Wednesday, 12 May 2010

Coalition considerations

First thoughts on the Conservative/Liberal Democrat coalition...

From the nationalist, BNP-supporting point of view it's probably slightly more acceptable than a Lib/Lab pact. If we get the best of both worlds we'll have the Lib Dem's civil rights with the Tory sound economic management and euro-scepticism. That's if we get the best of both worlds.

The coalition will probably be quite stable. Neither side really has much to gain by rocking the boat. The various ministers are likely to work well together on a day to day basis.

But over time one suspects that the Lib Dems will start to feel irked. Continual bridesmaid status will stultify the party. Imagine a by-election, can the Lib Dems stand a candidate against the Tories? If yes, can that candidate have policies different from the Conservative's? If no there's little point having a distinct candidate but if yes then doesn't that break the coalition?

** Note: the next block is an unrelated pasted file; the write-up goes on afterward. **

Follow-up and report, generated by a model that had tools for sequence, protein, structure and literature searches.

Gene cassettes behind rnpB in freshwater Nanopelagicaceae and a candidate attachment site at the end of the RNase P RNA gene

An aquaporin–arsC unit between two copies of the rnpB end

And in parliament the Lib Dems can no longer criticise the government, because they are the government. But they are not government enough to make new policy. So they will be in the position of having to agree with the Tories without having much input into Tory policy; whatever they agreed in that secret meeting yesterday is all they are ever going to get.

The Lib Dems may think they are the tail that can wag the dog and that by threatening to leave the coalition they can steer the Tories, but, firstly it seems they have signed up for a fixed term, and secondly, whichever party "breaks" the government will be punished at the subsequent election; it won't look good to the public if you're the one who brought down the government. So they're pretty much locked in.

It will take quite a while for the degree of constraint they are under to become apparent to the Lib Dems, so we can expect a long honeymoon period. The drama is probably over for many months or even years now.

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